The program’s arrival dovetailed with Tieu’s plans to address climate change with students. “We were putting together data specific to our communities, but weren’t sure what it would look like,” she says of collaborating with other teachers of various subjects at her school. “Then Data for Democracy arrived from UCLA and was easy to integrate into our various curriculums.”

Tieu was excited about pioneering the project with her alma mater. “When I heard about their future briefs on immigration, housing, police interaction and public transportation, I instantly thought of my colleagues in English, math and history, who could also make connections in their classes,” Tieu says. “We’re all new teachers who see the value in cross-curricular collaboration.”

Data for Democracy covers ground that other public school resources don’t. Tieu points to the limited scope of textbooks when it comes to crossover curriculum between subject areas. “Data for Democracy supports our goal to prepare students to be more well-rounded, empowered individuals and community leaders,” she says.

Local awareness

Tieu sees power in having the data be specific to Los Angeles. “Students see themselves in the data,” she says. “They’re very aware of inequities that exist in the world and want to be empowered to confront them.”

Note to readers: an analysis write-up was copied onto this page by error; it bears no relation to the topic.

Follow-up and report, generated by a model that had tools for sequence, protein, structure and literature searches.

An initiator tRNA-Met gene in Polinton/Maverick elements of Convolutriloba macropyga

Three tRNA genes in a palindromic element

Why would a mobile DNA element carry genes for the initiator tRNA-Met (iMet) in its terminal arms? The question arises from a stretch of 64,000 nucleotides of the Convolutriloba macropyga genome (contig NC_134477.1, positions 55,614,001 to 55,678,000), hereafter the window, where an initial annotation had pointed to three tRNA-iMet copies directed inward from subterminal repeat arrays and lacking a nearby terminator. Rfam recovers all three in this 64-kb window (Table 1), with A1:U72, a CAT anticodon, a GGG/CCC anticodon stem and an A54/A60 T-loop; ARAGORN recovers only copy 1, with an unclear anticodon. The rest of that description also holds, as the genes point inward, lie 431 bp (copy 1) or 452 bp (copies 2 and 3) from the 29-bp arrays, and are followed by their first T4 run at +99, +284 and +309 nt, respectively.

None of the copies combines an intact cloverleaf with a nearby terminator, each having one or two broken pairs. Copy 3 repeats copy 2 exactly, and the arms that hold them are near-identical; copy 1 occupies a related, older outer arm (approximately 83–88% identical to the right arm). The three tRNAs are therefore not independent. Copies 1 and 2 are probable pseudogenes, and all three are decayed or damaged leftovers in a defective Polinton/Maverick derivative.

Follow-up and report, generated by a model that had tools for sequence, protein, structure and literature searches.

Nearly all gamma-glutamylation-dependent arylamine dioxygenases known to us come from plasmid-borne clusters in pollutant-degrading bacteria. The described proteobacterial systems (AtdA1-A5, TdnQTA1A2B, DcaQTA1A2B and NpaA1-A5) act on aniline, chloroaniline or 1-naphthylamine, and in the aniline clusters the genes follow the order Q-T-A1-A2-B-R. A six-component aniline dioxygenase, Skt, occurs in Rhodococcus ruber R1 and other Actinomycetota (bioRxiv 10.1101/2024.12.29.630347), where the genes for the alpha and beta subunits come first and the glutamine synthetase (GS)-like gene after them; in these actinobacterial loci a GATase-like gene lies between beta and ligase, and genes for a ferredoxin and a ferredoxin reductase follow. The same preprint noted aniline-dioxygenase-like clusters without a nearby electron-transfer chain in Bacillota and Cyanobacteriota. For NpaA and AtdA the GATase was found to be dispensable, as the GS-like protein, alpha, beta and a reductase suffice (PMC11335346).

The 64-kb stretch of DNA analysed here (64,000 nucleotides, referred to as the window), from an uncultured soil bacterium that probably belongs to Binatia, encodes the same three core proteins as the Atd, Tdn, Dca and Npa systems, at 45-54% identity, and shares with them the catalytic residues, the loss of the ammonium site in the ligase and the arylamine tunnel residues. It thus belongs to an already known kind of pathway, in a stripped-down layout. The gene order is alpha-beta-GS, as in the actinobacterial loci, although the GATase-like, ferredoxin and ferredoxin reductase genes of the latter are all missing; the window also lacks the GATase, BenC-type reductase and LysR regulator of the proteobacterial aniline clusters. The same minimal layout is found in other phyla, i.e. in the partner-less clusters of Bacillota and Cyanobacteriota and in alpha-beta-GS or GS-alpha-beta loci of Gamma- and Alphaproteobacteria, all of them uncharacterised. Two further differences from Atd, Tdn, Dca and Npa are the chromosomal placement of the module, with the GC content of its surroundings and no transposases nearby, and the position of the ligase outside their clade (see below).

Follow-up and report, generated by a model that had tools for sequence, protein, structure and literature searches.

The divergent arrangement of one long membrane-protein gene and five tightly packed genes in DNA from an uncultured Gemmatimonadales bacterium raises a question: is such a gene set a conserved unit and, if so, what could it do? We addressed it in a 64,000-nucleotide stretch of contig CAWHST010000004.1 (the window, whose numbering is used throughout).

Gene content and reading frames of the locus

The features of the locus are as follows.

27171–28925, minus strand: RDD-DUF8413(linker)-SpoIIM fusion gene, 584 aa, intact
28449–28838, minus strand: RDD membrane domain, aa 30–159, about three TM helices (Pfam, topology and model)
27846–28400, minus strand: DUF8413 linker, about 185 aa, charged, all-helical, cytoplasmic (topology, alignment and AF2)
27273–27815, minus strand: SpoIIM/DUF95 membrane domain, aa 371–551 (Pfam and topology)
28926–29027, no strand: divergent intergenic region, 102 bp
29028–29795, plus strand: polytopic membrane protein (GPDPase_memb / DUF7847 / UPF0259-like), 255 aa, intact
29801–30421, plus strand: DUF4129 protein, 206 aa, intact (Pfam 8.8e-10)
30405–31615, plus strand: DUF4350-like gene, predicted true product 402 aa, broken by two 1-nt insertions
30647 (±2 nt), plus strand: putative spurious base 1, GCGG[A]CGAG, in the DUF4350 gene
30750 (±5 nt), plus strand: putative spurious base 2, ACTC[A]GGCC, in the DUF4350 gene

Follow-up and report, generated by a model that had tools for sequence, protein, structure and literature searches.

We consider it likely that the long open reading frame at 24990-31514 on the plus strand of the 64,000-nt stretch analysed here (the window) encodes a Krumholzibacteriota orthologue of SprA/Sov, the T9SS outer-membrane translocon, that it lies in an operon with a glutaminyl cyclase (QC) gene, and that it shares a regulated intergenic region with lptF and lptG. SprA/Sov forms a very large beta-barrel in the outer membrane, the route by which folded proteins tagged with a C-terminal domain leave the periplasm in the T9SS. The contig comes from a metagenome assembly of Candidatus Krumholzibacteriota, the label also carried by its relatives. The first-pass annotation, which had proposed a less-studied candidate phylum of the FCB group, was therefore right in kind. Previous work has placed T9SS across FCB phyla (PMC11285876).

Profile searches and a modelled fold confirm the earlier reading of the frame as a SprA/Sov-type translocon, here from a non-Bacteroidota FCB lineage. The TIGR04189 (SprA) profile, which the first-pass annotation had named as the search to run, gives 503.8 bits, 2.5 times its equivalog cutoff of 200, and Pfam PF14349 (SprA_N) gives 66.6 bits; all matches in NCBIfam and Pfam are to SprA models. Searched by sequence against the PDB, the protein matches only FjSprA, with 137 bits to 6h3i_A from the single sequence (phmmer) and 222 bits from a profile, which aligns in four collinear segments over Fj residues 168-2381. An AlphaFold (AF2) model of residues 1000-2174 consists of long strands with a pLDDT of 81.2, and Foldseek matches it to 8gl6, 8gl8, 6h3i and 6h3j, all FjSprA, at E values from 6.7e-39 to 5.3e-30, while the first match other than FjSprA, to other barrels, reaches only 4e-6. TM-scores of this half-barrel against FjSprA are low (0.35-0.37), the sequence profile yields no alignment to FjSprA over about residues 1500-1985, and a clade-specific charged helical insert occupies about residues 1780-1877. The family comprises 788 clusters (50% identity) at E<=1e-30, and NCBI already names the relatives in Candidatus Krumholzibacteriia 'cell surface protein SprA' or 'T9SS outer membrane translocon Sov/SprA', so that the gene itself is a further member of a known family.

Such was the case with Data for Democracy’s reporting on parks. Tieu’s students discussed the fact that they had parks in their neighborhoods, but they weren’t using them. The reasons ranged from cleanliness to safety. “My students’ voices were missing from the narrative,” Tieu says. But she believes Data for Democracy emboldened them with an important message: “Your voice, your knowledge, is important to the conversation.”

Resources on immigration were informed not only by the history of Los Angeles’ immigrant population, but also by interviews with experts and activists about the immigrant dynamics. In addition, the program asked, “How does your community make immigrants feel welcome?”

Encouraging students to take action is one of Data for Democracy’s goals. Links within topic briefs enable students to reach out to community leaders. “Our search engine allows them to find and contact their council members and state representatives,” Rogers says. “The intent is that this engagement data will lead to more public deliberation and, hopefully, more public action.”

This, in turn, should deepen democracy, he says, by giving young people an opportunity to hold public officials accountable and ensure their interests are part of the conversation.